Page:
Chapter Three, 'Plumbing and Electrical' covers so much ground that all its subsections cannot be covered here! But if different piping and tubing possibilities and their fittings and valves are of interest, then you certainly don't want to miss reading about them here, as the authors did a very good job covering the numerous possibilities along with testing them. And one of the subsections, 'Electrical Do's, Don'ts and considerations' is also quite comprehensive and well worth reading. In fact, this chapter alone is probably worth the price of the book, as it can answer many of the questions normally seen in the trade about these aspects.

Chapter Four, 'Physical & Chemical Parameters of Reef Aquarium Water' is another massive undertaking, as it contains 18 subsections having so many subtopics that I would have to use all my fingers and toes to just get past counting those in only one subsection. Just so you know how all encompassing this chapter is, the following are its subsections: Temperature; Gas Exchange; Specific Gravity; Salinity; Electrical Conductivity; pH; Alkalinity; Calcium; Magnesium; Ammonium and Nitrite; Nitrate; Phosphate; Trace and Minor Elements; Vitamins; Filtration and other affects on trace elements; Redox; Dissolved Organic Matter; and, Turbidity! Comprehensive is an understatement!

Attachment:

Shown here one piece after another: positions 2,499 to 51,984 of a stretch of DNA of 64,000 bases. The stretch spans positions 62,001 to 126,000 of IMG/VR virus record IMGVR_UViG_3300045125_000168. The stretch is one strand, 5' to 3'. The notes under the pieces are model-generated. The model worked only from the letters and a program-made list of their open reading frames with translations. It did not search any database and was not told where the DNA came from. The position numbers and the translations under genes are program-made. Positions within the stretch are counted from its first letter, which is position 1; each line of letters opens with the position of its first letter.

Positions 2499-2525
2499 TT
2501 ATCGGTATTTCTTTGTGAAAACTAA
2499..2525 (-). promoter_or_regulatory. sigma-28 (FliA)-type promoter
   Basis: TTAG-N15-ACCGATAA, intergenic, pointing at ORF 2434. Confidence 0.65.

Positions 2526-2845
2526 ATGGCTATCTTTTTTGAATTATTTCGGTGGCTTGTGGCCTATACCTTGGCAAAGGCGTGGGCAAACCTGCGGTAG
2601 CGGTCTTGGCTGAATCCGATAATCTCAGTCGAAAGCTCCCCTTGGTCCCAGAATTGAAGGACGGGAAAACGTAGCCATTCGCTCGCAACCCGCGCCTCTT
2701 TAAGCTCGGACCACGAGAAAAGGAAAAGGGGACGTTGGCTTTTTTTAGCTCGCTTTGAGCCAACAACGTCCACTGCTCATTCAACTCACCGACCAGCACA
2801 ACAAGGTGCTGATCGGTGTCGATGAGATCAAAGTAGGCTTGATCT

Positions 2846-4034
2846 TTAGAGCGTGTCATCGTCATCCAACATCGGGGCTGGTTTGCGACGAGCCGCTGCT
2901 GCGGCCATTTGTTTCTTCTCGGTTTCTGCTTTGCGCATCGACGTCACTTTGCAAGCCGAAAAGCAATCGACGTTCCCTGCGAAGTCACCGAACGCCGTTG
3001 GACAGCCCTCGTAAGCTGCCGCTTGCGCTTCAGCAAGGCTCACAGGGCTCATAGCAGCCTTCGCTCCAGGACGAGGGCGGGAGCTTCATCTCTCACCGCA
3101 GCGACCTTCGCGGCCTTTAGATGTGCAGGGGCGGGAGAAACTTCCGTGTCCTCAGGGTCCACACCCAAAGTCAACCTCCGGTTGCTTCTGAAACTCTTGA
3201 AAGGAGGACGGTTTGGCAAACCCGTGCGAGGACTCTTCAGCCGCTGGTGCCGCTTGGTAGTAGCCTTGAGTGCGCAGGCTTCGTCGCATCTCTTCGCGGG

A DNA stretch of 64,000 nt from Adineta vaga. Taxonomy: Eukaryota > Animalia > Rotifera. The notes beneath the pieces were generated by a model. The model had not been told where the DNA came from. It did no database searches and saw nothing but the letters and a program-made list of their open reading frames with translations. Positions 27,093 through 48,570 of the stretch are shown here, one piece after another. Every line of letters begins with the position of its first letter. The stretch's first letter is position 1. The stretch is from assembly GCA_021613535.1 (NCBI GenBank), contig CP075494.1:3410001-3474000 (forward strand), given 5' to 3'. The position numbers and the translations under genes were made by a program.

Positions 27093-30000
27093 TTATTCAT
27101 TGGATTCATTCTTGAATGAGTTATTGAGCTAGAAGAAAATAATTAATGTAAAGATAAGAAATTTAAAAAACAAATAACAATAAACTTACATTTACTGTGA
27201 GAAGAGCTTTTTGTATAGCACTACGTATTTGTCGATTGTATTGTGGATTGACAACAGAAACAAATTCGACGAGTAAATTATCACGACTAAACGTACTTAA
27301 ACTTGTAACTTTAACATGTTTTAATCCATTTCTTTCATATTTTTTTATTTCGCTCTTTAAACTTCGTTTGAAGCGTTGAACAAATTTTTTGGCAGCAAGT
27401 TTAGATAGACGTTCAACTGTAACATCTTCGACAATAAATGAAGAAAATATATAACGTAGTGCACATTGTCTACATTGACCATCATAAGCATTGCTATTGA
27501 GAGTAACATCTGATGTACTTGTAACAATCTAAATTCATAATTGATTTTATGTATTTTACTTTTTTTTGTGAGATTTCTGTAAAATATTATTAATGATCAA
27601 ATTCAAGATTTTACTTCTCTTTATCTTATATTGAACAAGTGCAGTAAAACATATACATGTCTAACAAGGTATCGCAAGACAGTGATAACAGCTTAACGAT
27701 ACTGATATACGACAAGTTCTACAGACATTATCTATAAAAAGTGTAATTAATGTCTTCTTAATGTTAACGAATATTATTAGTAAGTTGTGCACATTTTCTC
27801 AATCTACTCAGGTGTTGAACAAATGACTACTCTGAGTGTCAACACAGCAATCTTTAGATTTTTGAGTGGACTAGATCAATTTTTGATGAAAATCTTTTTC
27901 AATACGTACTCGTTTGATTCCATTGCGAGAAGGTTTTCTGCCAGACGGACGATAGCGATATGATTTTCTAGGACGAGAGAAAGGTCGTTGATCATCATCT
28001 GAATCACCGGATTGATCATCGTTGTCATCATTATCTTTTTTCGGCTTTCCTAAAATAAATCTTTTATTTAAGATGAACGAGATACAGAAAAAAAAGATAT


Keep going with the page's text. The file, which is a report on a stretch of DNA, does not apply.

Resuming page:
Chapter Five, 'Calcium, Alkalinity and pH Maintenance' pertains to what can be considered some of the most problematic parameters when it comes to maintaining reef aquaria. The authors separate its discussion into seven subsections, i.e., Where does all the Calcium Carbonate Go?; Calcium; Alkalinity; How to Supplement Calcium and Alkalinity; Methods Used for Rising the Calcium and Alkalinity Levels in an Aquarium; Other Calcium and Alkalinity Sources; and, Solving Calcium, Alkalinity and pH Problems. And the wealth of information within these subsections should enlighten all that read it.